The second raises the issue of what kind of human our culture has turned out. Maybe the Protestant work ethic started it, but generations of non-challenging commercial TV and music and other sources of induced passivity, public miseducation that has systematically ignored the arts and awareness of other cultures, and now an employment crisis that almost requires a workforce homed in on one basic purpose, and you've got people who don't know what to do with a weekend, let alone two weeks' leisure to discover something they don't already think they know. Amazing to me, this applies all up and down the economic ladder. I've met millionaires trying to enjoy the arts after decades of Making Money, and they haven't a clue. They can buy but they can't enjoy—hell, they can't see OR hear. And used to calling the shots, they can't take hints or instruction from anybody else. They don't understand how art can communicate intelligence, feeling, shared values, ask questions. It's beyond pathetic. But they're only the most noticeable because of their public posture, aka need for attention. Most of the rest of the population is in the same sorry soup.

  • Amateur socialist says:

    I have noticed a phenomenon among senior getting ahead types at my Fortune 500 employer: The tendency to not take earned vacation. I have known multiple people with 25-30 years of service who routinely only took half or less of their allotted 5-6 weeks of paid vacation. And when they do take time "off" they are usually on teleconferences, answering e-mails (at a lower pace but still hands on) etc.

    There's a fear component in these next-rung types: What if I am recognized as less than critical? What if my competitor for that next promotion takes less vacation?

    I evolved my own strategy of avoiding working for/with them. My manager has over 30 years in and takes every day of his vacation. Like me he's over the idea of getting promoted.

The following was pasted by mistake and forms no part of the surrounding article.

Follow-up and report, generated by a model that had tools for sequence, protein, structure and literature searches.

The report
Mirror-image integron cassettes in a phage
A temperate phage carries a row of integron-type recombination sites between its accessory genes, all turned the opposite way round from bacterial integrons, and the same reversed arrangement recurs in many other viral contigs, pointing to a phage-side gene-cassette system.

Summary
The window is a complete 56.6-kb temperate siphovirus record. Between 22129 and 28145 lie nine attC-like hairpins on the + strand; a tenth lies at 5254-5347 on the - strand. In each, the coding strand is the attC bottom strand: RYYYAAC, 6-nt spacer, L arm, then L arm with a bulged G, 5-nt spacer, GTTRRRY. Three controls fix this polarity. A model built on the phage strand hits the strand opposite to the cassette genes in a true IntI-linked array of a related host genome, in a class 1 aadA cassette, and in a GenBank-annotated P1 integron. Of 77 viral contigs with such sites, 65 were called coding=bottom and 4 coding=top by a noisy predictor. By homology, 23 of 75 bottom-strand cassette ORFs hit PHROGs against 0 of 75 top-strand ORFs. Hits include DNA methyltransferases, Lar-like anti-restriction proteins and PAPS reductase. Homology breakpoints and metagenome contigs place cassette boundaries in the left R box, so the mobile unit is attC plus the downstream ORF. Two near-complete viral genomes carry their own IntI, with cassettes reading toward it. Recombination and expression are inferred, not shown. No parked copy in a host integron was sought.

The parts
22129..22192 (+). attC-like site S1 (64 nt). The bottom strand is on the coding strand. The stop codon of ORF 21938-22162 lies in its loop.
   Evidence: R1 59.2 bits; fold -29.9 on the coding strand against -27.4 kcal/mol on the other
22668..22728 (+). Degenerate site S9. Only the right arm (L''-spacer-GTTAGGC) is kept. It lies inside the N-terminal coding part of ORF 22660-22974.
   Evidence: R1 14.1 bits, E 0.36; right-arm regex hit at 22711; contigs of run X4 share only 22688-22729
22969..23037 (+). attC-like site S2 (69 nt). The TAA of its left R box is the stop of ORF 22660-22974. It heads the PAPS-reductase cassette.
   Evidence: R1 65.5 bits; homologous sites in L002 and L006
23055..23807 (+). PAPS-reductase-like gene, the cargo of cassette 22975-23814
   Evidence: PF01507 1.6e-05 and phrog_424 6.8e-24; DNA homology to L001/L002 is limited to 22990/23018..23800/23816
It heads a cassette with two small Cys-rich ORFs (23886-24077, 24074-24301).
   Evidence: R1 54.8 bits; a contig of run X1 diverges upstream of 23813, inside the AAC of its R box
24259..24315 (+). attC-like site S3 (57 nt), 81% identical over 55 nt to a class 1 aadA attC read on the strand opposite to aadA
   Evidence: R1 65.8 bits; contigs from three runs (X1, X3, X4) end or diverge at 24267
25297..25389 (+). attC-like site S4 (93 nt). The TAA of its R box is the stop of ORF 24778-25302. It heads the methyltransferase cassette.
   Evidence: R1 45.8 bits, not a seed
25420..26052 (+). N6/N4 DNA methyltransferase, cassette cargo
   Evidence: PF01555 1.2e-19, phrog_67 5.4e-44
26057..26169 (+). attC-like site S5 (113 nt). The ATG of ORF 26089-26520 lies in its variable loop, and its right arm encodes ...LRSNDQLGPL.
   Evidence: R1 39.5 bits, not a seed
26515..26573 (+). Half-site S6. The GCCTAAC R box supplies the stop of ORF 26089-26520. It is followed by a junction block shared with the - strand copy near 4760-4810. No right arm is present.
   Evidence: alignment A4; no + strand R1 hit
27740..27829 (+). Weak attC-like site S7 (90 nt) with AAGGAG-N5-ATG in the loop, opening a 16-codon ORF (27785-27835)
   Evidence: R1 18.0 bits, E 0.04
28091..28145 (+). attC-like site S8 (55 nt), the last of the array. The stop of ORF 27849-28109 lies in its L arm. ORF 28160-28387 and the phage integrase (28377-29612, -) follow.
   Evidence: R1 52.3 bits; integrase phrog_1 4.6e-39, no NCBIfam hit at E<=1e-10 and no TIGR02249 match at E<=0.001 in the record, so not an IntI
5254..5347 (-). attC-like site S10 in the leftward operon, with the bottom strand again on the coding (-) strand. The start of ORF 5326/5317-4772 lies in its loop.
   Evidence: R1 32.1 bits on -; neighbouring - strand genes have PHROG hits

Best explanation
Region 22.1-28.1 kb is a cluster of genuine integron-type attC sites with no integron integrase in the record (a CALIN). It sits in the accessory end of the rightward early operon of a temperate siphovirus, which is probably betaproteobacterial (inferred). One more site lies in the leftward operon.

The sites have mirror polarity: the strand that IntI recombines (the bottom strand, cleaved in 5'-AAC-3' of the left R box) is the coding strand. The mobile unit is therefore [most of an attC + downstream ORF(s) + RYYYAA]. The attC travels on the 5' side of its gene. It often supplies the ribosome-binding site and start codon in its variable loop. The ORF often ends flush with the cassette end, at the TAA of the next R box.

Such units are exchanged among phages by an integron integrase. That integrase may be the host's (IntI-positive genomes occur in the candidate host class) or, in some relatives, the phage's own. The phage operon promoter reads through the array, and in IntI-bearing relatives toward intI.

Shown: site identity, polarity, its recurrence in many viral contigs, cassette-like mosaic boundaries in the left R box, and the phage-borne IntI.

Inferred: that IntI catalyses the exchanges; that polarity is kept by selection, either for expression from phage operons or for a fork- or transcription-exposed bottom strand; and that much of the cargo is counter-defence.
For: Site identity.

• You know, this has been an issue with me for years. I have friends who don't take any vacation. When we were paid in cash for unused time at the end of the year, one guy, especially his wife, loved it. I remember her bitterly complaining about it one night when the company stopped the practice. Now, you just lose your unused time, so this guy takes a bunch of Fridays off, but he still works from home all day. I think it's either an Okie, or an aircraft thing. We also have a pattern where there are many people in the company who take all of December off to use up their time.
    I never have a problem taking vacation. And I have never had a request denied. Most of our trips are about two weeks, usually to CO for backpacking or climbing. I can easily spend a week in the backcountry. I have gotten comments more than once for taking time off from coworkers. We went to Europe for a month visiting my wife's relatives, and I got snide remarks about that. One guy told me you CAN'T take more than a week at a time. So, I think you're right that people don't know what to do with themselves when not at work. It's insane.
    We have also noticed that there are usually not many Americans around when we travel. It's usually foreigners who we talk to on trains and such. We met some firemen from Belgium who were hiking the same Pyrenees trail, and survived the same overnight storm as us, and they said Belgium doesn't give more than a week off like the US. Seems out of place compared to the rest of Europe. Anyone know why?
    I think there is some degree of pressure, either self inflicted or from an asshole boss that taking more than a week off proves you are not a dependable company boy and that you are not instrumental in putting out the daily fires that come up. Vacation cuts into your face time with the boss. It’s an ego thing I think. Then there's that attitude some bosses have where they say if they can get along without you for more than a week, then they don't need you at all. Fuck those guys. I'm at the point in my life where I'd walk out the door if I heard that.
    There’s a lot of things that politicians could be advocating that would be good for everyone. But they don’t have the balls to do it. We know Republicans don’t give a shit about anything but money and property, so don’t expect any help from them. I think it’s really shitty that most people don’t get any time off, and have jobs where, if they tried to take time, they’d get fired for it. This country is all about taking. This is what happens when unions are busted. I used to just disagree with republicans, now I fucking hate them.
    I like Mike the Mad Biologist’s campaign slogan he’s proposed. A line from the Terminator:
    Democrats 2018: Come with us if you want to live.

  • Can't help but think that most of what North Americans think of as "Innovation" seems to be some form of "Fuck The Help", one might think that they'll be right up a creek if any other sort of innovation is required of them.

  • "For someone who likes travel as much as I do, it is difficult for me to convey how much I hate talking to other travelers."
    "Casual vacation conversation, of the type you have with people you end up seated next to on a tour, is one of my favorite things."
    So says Ed, one of my favorite political bloggers.